Novelty factor: Completely new to me, and equally inscrutable. And people wonder why the general public is unable to embrace fine art on some level. I’m blaming this entirely on Robert Motherwell, so there.

THE SPANISH CIVIL WAR, LADIES AND GENTLEMEN.

THE SPANISH CIVIL WAR, LADIES AND GENTLEMEN.

86. “The Sean Young saga!”

The episode:The Leech Woman,” ep. 802

The riff: Interjected by Mike as the movie’s title card appears: “The Leech Woman.”

The explanation: Sean Young was a star in 1980s American cinema who played notable parts in movies like “Blade Runner,” “Dune,” “Fatal Instinct” and “No Way Out.” Her career leveled off in the 1990s (although you might remember her as the villain opposing Jim Carrey in “Ace Ventura: Pet Detective”), and she developed a reputation as a bit of a kook. She famously tried to get the part of Catwoman in “Batman Returns” by constructing her own catsuit and confronting Tim Burton and Michael Keaton. She was also sued by actor James Woods, who said she was stalking him. It’s clear that Mike and the bots didn’t have too high an opinion of her in 1997 when this aired, but in more recent years she’s continued to trend down, being in and out of rehab for alcoholism, including an appearance on “Celebrity Rehab with Dr. Drew” in 2011. Not exactly where you want to be.

Novelty factor: I didn’t recognize Young by name, but that’s because I never really knew her name to begin with. I certainly recognize her from her parts in “Blade Runner” and “Ace Ventura,” but I had no idea of her personal problems. I find it interesting how the MST3k writers were calling attention to said problems around 14 years before she was on Celebrity Rehab.

85. “Thank you, Don Novello.”

The episode:Deathstalker and the Warriors from Hell,” ep. 703

The riff: Sincerely offered by Mike as an oddly Italian-sounding “warrior from hell” offers some advice to the movie’s hero, Deathstalker.

The explanation: Don Novello is an American comic, director and writer who is remembered as a writer for the early days of SNL, from seasons 3-5 and also 11. He was also a producer for “SCTV” in Canada. As a performer, he was known for the character of “Father Guido Sarducci” that he created, an odd, sunglasses-wearing Catholic priest who served in America as a gossip and rock music critic for The Roman Observer newspaper. The character in the movie has an odd way of speaking that is similar to Novello as Sarducci.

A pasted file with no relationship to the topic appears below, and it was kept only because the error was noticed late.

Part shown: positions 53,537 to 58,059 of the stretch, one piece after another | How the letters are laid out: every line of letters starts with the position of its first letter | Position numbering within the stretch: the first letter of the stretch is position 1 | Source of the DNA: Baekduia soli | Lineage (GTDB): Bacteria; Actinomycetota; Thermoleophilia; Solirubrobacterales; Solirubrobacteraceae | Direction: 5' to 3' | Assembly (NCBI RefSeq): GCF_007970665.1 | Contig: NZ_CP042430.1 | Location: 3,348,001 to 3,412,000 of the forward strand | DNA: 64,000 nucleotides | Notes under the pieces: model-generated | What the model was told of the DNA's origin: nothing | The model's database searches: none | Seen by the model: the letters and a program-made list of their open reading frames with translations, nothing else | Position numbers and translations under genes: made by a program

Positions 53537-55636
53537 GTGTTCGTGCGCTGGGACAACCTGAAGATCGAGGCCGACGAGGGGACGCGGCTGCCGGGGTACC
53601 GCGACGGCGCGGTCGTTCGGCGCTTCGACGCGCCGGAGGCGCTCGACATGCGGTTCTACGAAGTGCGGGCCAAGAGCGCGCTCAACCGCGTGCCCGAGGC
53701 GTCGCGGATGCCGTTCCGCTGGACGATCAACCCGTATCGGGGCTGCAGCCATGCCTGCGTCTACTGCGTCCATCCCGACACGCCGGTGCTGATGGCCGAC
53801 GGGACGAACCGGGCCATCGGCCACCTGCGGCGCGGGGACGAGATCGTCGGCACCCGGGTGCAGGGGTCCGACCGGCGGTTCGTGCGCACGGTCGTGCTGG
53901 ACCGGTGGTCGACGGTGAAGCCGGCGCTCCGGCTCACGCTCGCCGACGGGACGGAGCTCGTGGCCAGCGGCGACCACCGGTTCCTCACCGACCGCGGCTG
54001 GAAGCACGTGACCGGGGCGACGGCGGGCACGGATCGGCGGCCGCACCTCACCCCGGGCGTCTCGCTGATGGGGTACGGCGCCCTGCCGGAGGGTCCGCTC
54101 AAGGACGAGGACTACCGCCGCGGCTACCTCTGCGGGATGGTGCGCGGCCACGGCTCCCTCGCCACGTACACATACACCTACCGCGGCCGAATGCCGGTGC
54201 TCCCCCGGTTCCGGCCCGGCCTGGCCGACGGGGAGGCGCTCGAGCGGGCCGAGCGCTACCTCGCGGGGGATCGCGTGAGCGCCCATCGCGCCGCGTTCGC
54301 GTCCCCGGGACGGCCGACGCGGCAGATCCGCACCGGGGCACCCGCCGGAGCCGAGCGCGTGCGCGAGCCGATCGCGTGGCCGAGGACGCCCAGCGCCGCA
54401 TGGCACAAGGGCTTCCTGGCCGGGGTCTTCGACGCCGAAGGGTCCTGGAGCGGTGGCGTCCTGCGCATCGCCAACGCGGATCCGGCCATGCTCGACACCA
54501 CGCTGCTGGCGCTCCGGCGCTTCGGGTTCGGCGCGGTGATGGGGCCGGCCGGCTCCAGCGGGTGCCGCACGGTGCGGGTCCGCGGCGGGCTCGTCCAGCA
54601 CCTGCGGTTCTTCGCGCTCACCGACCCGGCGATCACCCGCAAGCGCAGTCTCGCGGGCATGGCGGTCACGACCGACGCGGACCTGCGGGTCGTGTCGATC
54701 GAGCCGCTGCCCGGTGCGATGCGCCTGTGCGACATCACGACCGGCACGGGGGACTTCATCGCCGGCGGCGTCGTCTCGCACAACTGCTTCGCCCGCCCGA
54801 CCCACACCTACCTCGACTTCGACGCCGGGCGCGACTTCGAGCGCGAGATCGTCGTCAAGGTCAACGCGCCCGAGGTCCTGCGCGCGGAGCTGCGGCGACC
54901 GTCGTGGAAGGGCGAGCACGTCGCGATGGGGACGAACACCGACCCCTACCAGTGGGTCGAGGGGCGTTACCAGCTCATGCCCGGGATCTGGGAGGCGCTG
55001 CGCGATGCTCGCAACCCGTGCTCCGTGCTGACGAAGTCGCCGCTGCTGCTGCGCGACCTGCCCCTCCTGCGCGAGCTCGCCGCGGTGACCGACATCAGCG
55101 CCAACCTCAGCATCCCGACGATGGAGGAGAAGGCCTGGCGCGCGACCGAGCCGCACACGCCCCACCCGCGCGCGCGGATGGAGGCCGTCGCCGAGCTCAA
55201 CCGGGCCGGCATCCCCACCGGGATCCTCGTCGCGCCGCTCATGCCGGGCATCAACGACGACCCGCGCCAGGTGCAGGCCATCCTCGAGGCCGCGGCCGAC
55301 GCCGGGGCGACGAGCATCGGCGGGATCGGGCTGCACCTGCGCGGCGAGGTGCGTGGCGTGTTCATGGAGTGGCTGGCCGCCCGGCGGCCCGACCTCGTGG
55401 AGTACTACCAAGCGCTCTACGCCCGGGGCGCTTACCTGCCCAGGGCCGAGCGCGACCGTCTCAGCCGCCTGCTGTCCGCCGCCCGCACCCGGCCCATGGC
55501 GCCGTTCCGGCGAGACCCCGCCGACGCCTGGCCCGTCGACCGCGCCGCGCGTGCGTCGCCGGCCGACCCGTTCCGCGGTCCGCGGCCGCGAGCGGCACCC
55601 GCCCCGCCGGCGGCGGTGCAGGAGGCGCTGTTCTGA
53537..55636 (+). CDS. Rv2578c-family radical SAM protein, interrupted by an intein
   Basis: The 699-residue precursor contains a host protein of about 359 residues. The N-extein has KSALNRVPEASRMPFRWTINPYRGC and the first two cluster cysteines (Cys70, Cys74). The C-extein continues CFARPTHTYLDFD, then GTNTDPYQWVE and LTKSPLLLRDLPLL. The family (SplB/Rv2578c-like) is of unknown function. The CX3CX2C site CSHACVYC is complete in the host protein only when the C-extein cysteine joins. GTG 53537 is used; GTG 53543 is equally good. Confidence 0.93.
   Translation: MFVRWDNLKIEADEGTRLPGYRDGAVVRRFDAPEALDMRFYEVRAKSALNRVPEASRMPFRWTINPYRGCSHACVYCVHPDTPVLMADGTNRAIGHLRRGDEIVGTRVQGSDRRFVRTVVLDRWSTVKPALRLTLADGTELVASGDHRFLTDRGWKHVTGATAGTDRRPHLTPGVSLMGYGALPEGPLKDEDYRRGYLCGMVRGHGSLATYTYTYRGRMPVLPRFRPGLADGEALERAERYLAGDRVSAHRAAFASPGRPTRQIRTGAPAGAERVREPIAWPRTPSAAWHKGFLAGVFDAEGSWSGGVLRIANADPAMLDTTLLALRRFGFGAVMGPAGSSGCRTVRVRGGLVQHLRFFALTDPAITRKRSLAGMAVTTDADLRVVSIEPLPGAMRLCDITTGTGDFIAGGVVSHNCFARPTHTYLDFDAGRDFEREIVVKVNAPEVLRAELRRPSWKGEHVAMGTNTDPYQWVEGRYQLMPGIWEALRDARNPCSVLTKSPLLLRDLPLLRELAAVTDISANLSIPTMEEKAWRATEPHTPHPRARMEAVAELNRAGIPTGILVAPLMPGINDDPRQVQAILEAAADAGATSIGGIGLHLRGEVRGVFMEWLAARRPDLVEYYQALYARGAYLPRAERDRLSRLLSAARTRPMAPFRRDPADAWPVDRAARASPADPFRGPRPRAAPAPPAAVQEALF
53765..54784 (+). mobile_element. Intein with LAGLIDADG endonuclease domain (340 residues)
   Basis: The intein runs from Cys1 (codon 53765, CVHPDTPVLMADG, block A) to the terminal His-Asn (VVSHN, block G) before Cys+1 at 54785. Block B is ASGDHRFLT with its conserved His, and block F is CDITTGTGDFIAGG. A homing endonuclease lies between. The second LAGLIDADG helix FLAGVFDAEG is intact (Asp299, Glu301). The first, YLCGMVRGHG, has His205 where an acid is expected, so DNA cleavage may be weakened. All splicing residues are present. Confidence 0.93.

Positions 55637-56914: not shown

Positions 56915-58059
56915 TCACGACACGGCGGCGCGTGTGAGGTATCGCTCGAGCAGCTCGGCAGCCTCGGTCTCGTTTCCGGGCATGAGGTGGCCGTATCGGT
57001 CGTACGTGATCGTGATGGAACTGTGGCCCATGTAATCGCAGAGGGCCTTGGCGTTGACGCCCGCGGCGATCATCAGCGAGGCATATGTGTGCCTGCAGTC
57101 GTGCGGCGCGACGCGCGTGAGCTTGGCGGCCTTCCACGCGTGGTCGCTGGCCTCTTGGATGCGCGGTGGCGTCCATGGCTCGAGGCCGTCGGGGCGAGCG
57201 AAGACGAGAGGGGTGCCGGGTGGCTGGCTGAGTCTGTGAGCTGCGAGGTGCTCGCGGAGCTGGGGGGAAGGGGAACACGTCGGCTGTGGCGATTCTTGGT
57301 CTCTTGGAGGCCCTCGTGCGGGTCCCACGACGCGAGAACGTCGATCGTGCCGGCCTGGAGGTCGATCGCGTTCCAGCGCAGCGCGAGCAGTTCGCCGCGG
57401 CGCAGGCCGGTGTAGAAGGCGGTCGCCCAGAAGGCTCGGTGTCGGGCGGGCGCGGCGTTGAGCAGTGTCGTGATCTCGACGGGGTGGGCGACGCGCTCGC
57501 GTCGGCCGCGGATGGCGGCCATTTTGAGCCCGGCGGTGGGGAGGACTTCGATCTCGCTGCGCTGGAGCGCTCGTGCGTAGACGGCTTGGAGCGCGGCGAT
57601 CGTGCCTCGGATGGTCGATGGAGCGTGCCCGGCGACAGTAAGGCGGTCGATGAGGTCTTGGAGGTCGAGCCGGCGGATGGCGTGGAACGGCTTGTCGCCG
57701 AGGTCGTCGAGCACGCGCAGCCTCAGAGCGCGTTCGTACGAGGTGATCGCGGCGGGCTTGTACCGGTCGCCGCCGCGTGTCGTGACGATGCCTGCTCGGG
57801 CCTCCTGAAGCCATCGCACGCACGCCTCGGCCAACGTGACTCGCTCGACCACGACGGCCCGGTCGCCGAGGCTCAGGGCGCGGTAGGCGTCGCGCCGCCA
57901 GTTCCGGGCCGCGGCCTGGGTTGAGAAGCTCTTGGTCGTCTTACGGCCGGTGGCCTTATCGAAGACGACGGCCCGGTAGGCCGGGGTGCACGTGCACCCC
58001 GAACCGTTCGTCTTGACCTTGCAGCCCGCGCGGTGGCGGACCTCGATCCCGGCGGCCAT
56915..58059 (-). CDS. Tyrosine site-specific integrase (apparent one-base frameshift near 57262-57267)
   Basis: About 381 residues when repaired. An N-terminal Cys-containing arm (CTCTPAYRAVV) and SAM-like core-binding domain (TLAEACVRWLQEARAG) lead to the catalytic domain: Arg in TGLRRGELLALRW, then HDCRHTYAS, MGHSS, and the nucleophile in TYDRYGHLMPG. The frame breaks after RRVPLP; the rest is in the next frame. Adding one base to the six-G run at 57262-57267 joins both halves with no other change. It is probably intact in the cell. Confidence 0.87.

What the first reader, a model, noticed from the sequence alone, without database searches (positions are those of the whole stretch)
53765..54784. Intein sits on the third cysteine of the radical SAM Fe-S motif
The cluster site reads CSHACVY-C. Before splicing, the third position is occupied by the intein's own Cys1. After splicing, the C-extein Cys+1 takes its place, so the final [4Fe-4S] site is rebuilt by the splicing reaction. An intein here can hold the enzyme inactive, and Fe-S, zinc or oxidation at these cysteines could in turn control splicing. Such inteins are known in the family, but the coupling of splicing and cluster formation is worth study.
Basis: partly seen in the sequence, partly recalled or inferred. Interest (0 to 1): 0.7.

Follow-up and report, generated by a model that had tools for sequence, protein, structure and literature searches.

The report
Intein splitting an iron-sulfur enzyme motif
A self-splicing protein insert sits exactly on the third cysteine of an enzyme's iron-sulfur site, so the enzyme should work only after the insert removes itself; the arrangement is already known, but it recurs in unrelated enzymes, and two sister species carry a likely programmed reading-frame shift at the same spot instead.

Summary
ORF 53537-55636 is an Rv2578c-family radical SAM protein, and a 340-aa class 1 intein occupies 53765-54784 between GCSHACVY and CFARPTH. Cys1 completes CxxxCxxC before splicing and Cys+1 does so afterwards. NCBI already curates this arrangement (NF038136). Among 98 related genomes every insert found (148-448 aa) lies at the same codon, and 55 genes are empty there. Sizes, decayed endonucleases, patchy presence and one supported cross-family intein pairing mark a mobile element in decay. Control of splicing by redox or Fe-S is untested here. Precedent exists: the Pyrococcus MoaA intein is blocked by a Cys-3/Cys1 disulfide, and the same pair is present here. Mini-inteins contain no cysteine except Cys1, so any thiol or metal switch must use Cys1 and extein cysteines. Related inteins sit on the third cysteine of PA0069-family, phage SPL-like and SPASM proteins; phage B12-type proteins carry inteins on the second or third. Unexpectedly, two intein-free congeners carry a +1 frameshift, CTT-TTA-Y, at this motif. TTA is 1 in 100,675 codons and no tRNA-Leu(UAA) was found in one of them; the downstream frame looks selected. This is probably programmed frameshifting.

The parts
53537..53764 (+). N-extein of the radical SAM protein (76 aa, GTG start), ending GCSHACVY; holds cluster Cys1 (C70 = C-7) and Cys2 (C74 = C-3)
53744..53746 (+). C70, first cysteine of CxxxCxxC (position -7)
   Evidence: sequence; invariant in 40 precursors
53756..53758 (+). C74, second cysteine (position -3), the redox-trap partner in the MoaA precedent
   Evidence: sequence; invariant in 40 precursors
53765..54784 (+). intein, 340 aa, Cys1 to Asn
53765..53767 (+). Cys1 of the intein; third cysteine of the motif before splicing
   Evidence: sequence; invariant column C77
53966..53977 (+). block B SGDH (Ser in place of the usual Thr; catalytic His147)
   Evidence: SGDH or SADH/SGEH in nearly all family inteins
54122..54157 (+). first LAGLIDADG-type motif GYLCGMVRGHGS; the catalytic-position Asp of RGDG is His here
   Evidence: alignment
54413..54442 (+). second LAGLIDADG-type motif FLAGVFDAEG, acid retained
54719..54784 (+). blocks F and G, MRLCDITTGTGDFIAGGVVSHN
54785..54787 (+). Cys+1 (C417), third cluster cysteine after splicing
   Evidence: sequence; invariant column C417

Novelty factor: I’d never heard of the guy before, I have to admit. After watching some of his Sarducci skits though, I think he’s rather hilarious. The “five minute university” sketch posted below is great, and just as relevant today as it was in 1980.

84. “Bad news, Mike! I’ve gone blind from forging a thousand Nazi documents!”

The episode:Teenage Crime Wave,” ep. 522. Note: This has got to be the skimpiest Wikipedia entry ever for a MST3k film.

The riff: Insisted upon by Crow as the crew of the Satellite of Love contemplates a complicated escape plan in the movie’s first host segment. Note: Apologies, but the only place this episode appears on YouTube there is no first host segment, so I can’t link to it.

The explanation: This is a direct allusion to the 1963 film “The Great Escape,” a true classic as far as war movies are concerned. In the film, a crew of American and British prisoners engineer a daring and cerebral escape from a brutal German POW camp in World War II. The incomparable Donald Pleasence plays Colin Blythe, “The Forger,” who pores over stolen German documents to make passports and other necessary materials for the escapees to make it to the border. Unfortunately, doing so in nearly lightless rooms causes him to lose his eyesight. This whole segment is riddled with “Great Escape” references.

Novelty factor: I love this movie, and I love Donald Pleasence, who is mostly remembered in America for playing Dr. Loomis in the “Halloween” movies. It has a fantastic cast, an iconic soundtrack that has been reused a million times, and set many of the tropes for “escape movies,” even if it did borrow from earlier films like “Stalag 17” (also a great movie) in places.